It's a relief to watch Dumb & Dumber today and realise that it holds up pretty well, because the success of the film was a bit of a mixed blessing. It helped Jim Carrey to get to the A-list, and it helped the Farrelly brothers go on to make great films like Kingpin, There's Something About Mary and Stuck On You. Unfortunately, it also plunged Jeff Daniels into a bit of a comedy purgatory for a number of years, and it also led to movies like Say It Isn't So and *shudder* Movie 43.
The slim plot sees Lloyd Christmas (Carrey) and Harry Dunne (Daniels) embarking on a trip across the country to return a briefcase to Mary Swanson (Lauren Holly). Unfortunately, the briefcase contains money that was supposed to be delivered to two criminals (played by Mike Starr and Karen Duffy). Mary left it behind deliberately, and is now unaware that Lloyd, who has fallen in love with her, and Harry are determined to travel to Aspen to give it back to her. The criminals ARE aware of the situation, but they need to figure out just what kind of people they're dealing with. Well, as is obvious from the start of the movie, they're idiots.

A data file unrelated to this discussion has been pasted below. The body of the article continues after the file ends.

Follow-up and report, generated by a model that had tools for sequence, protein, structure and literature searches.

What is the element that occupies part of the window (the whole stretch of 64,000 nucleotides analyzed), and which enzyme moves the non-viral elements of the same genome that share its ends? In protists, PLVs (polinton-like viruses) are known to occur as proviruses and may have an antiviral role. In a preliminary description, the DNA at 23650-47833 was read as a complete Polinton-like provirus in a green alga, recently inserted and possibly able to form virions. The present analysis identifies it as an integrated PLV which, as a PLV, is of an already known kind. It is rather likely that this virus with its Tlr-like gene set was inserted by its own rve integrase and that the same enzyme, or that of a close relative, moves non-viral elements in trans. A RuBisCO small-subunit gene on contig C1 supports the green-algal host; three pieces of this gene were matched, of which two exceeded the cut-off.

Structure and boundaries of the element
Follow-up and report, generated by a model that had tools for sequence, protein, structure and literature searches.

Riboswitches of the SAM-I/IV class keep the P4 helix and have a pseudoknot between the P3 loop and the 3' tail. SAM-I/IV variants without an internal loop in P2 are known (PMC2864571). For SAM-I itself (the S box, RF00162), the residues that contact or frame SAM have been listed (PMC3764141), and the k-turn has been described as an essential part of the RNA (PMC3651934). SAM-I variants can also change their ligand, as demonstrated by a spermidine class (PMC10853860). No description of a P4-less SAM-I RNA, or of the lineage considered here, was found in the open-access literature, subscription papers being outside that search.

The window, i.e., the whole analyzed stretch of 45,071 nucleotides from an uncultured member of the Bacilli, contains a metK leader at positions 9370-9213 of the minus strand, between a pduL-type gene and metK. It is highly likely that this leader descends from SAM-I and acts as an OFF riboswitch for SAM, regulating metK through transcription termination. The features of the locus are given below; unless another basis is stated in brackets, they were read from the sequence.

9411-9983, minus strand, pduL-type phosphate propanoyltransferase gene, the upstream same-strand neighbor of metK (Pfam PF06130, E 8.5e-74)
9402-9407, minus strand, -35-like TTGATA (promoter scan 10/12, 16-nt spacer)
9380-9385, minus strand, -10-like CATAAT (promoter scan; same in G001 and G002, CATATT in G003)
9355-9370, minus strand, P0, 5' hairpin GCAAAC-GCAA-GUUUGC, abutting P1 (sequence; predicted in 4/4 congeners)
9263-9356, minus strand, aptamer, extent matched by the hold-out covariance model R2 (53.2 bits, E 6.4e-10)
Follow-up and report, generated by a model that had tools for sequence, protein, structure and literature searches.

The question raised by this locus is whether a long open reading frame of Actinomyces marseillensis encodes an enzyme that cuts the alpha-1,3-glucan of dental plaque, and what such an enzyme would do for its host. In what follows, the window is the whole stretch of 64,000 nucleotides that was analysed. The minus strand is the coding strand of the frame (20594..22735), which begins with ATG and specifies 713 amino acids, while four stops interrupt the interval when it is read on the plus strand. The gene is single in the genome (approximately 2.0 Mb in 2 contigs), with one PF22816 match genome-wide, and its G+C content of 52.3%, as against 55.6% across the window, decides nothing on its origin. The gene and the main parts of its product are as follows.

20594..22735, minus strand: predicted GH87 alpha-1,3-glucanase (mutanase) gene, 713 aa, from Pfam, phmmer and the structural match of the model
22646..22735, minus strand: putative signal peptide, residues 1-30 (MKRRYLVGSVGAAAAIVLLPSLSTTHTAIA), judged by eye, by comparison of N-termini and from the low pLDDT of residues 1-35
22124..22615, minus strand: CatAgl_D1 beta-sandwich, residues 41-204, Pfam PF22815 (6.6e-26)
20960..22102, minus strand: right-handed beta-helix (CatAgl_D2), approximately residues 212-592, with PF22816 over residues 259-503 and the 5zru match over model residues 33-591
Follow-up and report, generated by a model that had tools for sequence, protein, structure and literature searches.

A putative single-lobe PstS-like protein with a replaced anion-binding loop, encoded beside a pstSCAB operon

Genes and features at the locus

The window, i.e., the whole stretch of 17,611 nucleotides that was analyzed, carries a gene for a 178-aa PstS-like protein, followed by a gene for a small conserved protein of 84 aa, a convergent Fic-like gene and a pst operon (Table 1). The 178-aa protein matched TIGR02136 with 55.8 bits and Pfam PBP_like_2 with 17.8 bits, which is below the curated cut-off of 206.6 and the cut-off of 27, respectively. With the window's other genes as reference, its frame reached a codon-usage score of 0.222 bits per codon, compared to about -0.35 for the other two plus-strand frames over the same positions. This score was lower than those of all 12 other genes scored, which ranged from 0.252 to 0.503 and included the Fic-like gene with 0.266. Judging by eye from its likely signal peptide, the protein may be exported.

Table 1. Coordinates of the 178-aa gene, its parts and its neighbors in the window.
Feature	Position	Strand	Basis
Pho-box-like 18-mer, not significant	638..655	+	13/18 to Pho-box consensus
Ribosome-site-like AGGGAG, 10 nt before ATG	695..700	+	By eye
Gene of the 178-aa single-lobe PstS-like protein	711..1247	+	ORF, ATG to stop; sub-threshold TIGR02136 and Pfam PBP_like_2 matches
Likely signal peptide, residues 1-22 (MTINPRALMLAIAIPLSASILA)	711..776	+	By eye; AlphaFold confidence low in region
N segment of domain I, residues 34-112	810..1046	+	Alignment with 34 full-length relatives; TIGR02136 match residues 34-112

Lloyd and Harry aren't the most likable movie characters ever to appear onscreen, but viewers will keep rooting for them because they are more like spiteful children than sneaky adults. In fact, thanks to the performances from Carrey and Daniels, that's exactly how they come across. Whether they're chasing an impossible dream, being mean to one another, or being greatly entertained by the simplest of pleasures, these two characters are consistently child-like. Holly somehow manages to stay graceful under pressure whenever she has to share the screen with either of the two leads, Starr and Duffy are fun villains, and Victoria Rowell has a couple of great scenes in the lead up to the finale that manages to be fairly predictable, despite one little surprise thrown in to mix things up a bit. Special mentions should go to Cam Neely, for his portrayal of a mean trucker named Sea Bass, and Harland Williams, playing a traffic cop who appears for one small, but memorable, scene.
Bobby and Peter Farrelly both wrote, with the help of Bennett Yellin, and directed this slice of clever idiocy, and it's really when you see more and more misguided attempts to recapture its essence that you realise just how good it is. The bad taste, the toilet humour, the slapstick moments, everything is put together in just the right way to make for a great final product that entertains everyone but the all-too-easily-offended. The whole thing moves along at a good pace, the soundtrack is full of lively and enjoyable tunes, and it's all centred by that great pairing of Carrey and Daniels, two stooges who argue and fight together as people can do only when they really care for one another.